{19} As described above, the absence of a factual basis for each charge in the written instructions, in light of the confused discussions, could have resulted in the jury convicting Defendant of the same crime twice for a unitary course of conduct. As the Sixth Circuit Court explained in Valentine, unspecified conduct would not have been problematic if Defendant had only been charged with one count of the offense, but “[t]he constitutional errors in this case lie in the multiple identical counts rather than the generic statutory language of the charges.” Valentine, 395 F.3d at 637. Similarly, in this case, although the language of the jury instructions followed the language of UJI 14-2241 NMRA, because the instructions differed only insofar as they incorporated by reference the language of two separate but identical counts from the indictment, they did not make clear to the jury which conduct it should consider to support each charge. We therefore remand for the trial court to dismiss one conviction and sentence for tampering with evidence.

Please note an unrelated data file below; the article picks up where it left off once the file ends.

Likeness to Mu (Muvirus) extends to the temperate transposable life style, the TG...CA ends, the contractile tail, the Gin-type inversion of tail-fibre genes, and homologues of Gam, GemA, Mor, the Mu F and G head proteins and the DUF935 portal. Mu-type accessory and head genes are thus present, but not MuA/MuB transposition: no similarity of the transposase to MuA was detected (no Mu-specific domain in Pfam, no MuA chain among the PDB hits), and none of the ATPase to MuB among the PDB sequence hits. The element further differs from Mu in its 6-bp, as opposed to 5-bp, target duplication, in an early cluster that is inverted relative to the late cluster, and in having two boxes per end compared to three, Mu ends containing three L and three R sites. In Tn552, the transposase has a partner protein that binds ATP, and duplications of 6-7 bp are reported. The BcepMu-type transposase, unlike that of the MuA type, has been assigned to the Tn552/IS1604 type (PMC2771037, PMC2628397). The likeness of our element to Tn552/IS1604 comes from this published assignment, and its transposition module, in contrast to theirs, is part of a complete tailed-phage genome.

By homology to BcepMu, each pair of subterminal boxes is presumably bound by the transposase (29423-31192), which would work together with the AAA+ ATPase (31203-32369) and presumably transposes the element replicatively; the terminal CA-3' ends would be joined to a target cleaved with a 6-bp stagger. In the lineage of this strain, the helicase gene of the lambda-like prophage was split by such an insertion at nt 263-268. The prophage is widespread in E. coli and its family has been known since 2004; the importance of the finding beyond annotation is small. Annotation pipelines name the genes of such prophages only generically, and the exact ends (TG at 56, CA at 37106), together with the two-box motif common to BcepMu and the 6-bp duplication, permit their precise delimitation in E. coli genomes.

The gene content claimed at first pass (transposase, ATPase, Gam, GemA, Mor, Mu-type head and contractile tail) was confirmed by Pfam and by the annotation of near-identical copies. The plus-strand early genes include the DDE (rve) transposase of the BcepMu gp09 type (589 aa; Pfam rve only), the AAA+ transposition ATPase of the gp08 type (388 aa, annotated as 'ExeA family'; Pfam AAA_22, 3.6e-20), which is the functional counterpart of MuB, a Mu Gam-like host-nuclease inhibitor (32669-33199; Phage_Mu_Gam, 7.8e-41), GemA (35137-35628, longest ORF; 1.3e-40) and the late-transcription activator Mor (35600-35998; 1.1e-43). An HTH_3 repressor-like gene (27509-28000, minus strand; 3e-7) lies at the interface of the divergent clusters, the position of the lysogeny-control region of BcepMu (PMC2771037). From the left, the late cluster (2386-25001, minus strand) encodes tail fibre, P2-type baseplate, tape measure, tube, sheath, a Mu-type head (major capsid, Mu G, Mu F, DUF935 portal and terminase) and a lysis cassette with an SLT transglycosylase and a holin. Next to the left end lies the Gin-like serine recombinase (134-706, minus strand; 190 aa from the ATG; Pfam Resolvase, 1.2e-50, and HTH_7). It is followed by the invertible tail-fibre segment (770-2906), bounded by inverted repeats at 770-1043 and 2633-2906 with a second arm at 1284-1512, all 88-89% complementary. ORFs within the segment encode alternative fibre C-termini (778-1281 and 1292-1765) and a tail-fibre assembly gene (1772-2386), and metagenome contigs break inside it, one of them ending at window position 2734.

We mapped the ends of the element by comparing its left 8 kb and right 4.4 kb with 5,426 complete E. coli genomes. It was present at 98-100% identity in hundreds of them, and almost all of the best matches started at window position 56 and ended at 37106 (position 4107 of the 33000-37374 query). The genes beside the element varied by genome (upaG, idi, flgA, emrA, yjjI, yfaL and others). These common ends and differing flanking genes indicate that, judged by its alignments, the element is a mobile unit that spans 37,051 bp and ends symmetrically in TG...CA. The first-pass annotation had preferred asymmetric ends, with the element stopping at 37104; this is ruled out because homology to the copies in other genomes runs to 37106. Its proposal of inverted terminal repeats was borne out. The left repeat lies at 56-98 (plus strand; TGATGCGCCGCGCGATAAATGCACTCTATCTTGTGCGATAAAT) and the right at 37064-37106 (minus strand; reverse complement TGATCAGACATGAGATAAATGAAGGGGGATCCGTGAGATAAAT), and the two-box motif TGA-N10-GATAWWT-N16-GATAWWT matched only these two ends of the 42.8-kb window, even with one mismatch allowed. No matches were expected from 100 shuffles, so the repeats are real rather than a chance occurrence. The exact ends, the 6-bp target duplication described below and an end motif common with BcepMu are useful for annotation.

The Finding of Aggravating Circumstances

{20} Defendant also argues that the enhancement of his kidnaping conviction following the trial court’s finding of aggravating circumstances and subsequent increase in his sentence, violated his right under the Sixth Amendment — articulated in Apprendi v. New Jersey, 530 U.S. 466, 490, 120 S.Ct. 2348, 147 L.Ed.2d 435 (2000), and Blakely v. Washington, 542 U.S. 296, 301, 124 S.Ct. 2531, 159 L.Ed.2d 403 (2004)—to have that finding made by a jury. In Apprendi, the United States Supreme Court wrote: “[ojther than the fact of a prior conviction, any fact that increases the penalty for a crime beyond the prescribed statutory maximum must be sub*362mitted to a jury, and proved beyond a reasonable doubt.” Apprendi, 530 U.S. at 490, 120 S.Ct. 2348.